What Happens When We Forgive Debt from Child Support Payments?

A pilot program in San Francisco provided debt relief to parents with debt related to child support.

Five Ways the “Public Charge” Rule Is Affecting Immigrants in America

National survey estimates show how the rule dampens immigrant families' participation in programs like Medicaid and SNAP.

How Uncertainty Surrounding the “Public Charge” Rule Leads to Hardship for Immigrant Families

Interviews with 25 adults in immigrant families reveal the unique challenges posed by fear and misinformation.

Many Workers Who Experience a New Health Shock Leave the Workforce and Receive No Income Support

Each year, millions of American workers experience potentially work-limiting health shocks.

If the Early Retirement Age Changes, At-Risk Older Workers Will Need More Support

Without effective policies in place, raising the EEA or keeping the EEA at 62 and reducing benefits could create hardship for many older Americans.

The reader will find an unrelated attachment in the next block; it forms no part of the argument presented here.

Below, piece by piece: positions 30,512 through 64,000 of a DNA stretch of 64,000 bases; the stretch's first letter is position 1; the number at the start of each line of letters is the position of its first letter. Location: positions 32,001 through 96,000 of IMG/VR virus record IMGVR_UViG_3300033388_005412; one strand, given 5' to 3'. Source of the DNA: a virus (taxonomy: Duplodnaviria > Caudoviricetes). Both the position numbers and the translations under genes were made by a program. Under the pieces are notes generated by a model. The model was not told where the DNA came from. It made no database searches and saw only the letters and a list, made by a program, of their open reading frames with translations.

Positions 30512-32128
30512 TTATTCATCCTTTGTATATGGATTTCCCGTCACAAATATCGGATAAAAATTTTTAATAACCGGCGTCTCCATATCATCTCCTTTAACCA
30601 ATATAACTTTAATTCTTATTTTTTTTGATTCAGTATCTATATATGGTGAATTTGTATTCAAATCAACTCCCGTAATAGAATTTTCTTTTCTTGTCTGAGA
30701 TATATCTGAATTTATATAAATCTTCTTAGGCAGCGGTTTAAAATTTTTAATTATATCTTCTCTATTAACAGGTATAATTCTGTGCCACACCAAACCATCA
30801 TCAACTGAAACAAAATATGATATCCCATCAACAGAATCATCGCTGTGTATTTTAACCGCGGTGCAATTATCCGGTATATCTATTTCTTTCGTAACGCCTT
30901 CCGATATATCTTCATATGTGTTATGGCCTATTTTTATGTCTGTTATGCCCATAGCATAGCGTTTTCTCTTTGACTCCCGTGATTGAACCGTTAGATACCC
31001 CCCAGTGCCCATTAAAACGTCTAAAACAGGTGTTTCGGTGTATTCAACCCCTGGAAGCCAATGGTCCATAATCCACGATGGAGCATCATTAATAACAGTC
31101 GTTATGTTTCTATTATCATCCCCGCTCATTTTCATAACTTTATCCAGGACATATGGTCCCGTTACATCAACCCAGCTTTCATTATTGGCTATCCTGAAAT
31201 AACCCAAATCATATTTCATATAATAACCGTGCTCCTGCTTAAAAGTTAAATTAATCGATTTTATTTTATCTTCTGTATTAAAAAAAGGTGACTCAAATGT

San Diego Is Strengthening Its Workforce by Welcoming Immigrants

San Diego’s workforce system can help all residents, including immigrants, move up the career ladder, earn more, and find greater economic stability for their families.

A New Strategy for Improving Social Security’s Disability Determination Process

If combined with other more robust reforms, reconsideration could be a valuable step in the determination process.

More Than 250,000 Mothers Could Start Working through Expanded Child Care Subsides

A hypothetical expansion of child care subsidies could raise family incomes and reduce child poverty.

Expanding Child Care Subsidies Could Serve Two Million Additional Children

Our current child care system leaves many families unable to find or pay for high-quality child care.

More than Half a Million SNAP Recipients Could Lose Benefits over Time under Proposed Poverty Measure

The Trump administration has proposed changing how inflation is measured when setting federal poverty thresholds.